Now, in 1965, after some negotiation, Buffett got controlling interest in Berkshire Hathaway, the Massachusetts textile manufacturer, by purchasing 49% of it at only $11 per share. That was one of the first buyouts that would come to define Warren Buffett’s life and career.

Though Buffett is always associated with Berkshire Hathaway, it doesn’t mean his story with the company was still roses: it would come to be so problematic that he would regret buying it years later. Yet, he wasn’t the kind of investor to cut losses, a philosophy that came years before his involvement with Berkshire Hathaway: Buffett kept the company alive by purchasing winning stocks in its name every chance he got, something that would eventually give Berkshire Hathaway one of the best stock portfolios in the world.

His experience with Berkshire Hathaway would lead the way to another of his most treasured rules: he would never buy stock in a company that offered a product or service that he didn’t fully understand. Buffett liked things “easy, safe, profitable, and pleasant,” as he said himself numerous times, which led to another rule: no involvement with businesses that had potential or proven “human problems,” such as layoffs, plant closing or executives fighting each other or labor unions.

There were lots of things Warren Buffett cared about, yet one of the things he decidedly didn’t was appearance: even after he became a millionaire, he remained a shabby dresser, to his wife’s horror. He was far more concerned with the characteristics and personal details of the people who worked for him; you see, he was a prudent man, and he always made sure his businesses were being run by competent, smart, caring people just like himself, people in whom he made sure he could trust. One of his significant buyouts, Baltimore department store Hochschild-Kohn, was made mostly in consideration to the people who worked behind the scenes. For example, it wasn’t until Buffett knew he had found a great manager, namely Jack Ringwalt, that he decided to buy the Omaha insurance business National Indemnity; by the end of 1966, the company had outperformed the market by 36%.

When it came to home and family matters, one cannot say Warren was much involved: he was always working, and his wife Susie constantly hoped her husband might retire and dedicate more time and attention to their children, who were growing up fast and most often without Warren’s presence in their lives. She, meanwhile, was a very politically active woman: she took part in anti-war and pro-civil rights marches and movements during the 1960s and 1970s. Eventually, Warren himself would come to engage in politics as well, but after only the death of his father, who was a Republican Congressman and who didn’t share Warren’s political opinions. Finally, in 1967, Warren became the treasurer for the Nebraska office for Democratic presidential candidate Eugene McCarthy.

In 1969, after years of dreaming of owning his paper, Warren Buffett purchased a controlling interest of the local newspaper, the Omaha Sun, after making $16 million in earnings in the same year; it not only fulfilled Warren’s childhood dream, but it would also grant him an awards years later, in 1972, after the newspaper released an article called “Boys Town: America’s Wealthiest City?”, about a corrupted shelter for boys run by a priest which had been stockpiling donations, grants, and funds, amassing approximately $18 million per year. The scoop made Warren the Pulitzer Prize for outstanding regional journalism winner of that year, and the story immediately went national, leading to reform on how non-profit organizations are run, and all thanks to Buffett, who helped investigate the whole case.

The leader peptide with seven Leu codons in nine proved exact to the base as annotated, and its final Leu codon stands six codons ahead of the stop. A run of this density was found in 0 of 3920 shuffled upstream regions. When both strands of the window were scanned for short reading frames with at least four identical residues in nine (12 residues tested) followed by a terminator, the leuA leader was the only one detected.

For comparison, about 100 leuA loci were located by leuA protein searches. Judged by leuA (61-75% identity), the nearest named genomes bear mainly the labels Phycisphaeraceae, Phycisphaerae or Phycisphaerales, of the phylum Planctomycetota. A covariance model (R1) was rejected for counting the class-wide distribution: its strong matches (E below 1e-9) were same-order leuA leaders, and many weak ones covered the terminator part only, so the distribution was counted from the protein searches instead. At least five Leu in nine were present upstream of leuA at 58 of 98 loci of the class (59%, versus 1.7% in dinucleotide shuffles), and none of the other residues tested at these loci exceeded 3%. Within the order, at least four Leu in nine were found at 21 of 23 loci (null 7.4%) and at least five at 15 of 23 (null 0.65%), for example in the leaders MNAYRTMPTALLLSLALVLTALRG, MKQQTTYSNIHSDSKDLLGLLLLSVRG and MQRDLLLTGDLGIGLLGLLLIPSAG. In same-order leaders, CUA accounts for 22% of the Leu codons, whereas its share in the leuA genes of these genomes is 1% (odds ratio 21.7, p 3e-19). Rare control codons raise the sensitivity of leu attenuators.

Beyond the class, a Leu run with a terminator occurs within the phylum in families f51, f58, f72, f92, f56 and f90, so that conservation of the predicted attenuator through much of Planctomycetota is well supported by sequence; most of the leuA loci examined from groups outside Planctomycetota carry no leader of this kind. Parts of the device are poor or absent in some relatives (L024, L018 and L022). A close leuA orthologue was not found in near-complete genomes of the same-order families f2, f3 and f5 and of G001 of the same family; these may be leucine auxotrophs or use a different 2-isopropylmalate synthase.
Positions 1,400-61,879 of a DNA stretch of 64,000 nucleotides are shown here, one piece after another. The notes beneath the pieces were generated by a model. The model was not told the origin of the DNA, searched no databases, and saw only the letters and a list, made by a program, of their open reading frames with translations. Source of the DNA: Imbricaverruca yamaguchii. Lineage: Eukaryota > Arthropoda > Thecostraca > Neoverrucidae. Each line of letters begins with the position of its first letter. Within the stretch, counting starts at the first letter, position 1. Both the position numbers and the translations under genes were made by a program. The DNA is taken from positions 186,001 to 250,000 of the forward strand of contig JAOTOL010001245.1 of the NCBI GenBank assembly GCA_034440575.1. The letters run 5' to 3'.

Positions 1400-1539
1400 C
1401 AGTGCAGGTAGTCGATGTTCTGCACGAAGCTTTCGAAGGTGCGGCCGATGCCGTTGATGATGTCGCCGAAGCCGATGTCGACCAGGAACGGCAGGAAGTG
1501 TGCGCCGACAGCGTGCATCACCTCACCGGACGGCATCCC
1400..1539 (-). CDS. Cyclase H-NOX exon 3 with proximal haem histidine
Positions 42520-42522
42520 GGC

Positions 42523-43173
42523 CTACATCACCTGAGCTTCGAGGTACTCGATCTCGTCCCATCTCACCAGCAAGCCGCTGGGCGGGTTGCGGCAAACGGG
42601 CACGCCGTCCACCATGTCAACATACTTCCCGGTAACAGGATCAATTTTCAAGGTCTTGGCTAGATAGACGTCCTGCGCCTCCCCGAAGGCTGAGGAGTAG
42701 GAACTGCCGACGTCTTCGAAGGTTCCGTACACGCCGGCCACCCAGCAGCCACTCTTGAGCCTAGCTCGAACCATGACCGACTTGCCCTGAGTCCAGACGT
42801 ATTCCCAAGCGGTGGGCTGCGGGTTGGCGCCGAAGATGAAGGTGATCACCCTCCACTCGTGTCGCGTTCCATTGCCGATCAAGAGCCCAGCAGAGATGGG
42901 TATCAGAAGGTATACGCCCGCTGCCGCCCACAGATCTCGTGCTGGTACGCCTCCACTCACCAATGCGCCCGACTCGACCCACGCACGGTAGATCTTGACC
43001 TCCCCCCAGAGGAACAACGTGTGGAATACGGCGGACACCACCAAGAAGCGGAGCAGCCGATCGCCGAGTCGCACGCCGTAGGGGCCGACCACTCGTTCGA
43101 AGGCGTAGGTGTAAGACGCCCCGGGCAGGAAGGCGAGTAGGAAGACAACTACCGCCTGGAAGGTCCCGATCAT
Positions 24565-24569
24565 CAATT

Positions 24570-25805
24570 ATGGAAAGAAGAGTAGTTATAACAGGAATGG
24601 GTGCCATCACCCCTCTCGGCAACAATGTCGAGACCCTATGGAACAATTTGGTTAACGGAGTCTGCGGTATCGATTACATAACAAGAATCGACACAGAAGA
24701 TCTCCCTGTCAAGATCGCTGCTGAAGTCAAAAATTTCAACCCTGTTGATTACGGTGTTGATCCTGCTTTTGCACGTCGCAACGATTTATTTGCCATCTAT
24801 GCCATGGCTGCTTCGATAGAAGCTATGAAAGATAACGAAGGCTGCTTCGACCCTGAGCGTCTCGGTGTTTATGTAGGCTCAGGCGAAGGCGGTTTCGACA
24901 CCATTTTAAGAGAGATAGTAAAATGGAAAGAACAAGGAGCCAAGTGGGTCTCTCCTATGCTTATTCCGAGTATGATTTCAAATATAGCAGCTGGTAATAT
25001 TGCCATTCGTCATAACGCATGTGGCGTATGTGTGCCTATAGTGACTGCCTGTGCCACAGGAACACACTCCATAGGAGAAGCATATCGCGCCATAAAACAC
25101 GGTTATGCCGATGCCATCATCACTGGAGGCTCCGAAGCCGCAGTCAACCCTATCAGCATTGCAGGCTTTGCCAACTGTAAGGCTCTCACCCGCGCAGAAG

After the tremendous success, the story brought him and the Omaha Sun, Warren had his sight set on a celebrated national newspaper: the Washington Post. One year later, in 1973, he already owned 5% of the company and even developed a close friendship with its publisher, Kay Graham, whose father had started the newspaper. He attended several of Graham’s lavish dinner parties, always awkwardly trying to not embarrass himself in front of diplomats, respected senators, actors, and international dignitaries.

Still, life isn’t always a wonderland for wealthy entrepreneurs and investors like Warren Buffett: actually, there were several difficult times in his life, notably when Santa Barbara Financial Company filed a complaint with the Security Exchange Committee (SEC) claiming that both Buffett and his partner, Charlie Munger, had purposely overpaid the acquisition of a company called WESCO to ruin its merge with SBFC, which was not valid. What happened was that Buffett and Munger were planning to acquire WESCO when Santa Barbara Financial Company — a company that, according to Buffett himself, was “bad news” — became interested in buying it too. So Buffett flew to California to convince Betty Caper Peters, the last surviving member of WESCO’s founding family, to sell the company, which she eventually did, deeply infuriating Santa Barbara Financial Company. This was 1974, a tense year for Buffet after the SEC launched an investigation on both his and Munger’s companies, including Berkshire Hathaway and Blue Chip.

What truly made the SEC suspicious of Buffett and his partners was the structure of his companies: there were five big parent companies, such as Berkshire Hathaway, that owned five or more companies individually, which in turn owned more companies, and so on. That confused the investigators and only made Buffett more anxious about the investigation that, thankfully, ended up without any damage to his or his companies’ reputation.

Back home, Susie wasn’t pleased with the proximity between her husband and The Washington Post’s editor Kay Graham, with whom she thought he was having an affair. She eventually began her romance with her tennis instructor. She ended up writing a personal letter to Graham, declaring that she was free to have a relationship with Warren, who was still much more focused on work than on his relationships.

In 1977, when Susie decided to move to San Francisco now that the children no longer lived with them, she hired a young woman she knew from a nightclub to cook and look after Buffett, who was still shocked by his wife’s departure. Years later, in 2006, this young woman, Astrid, would become Warren’s second wife.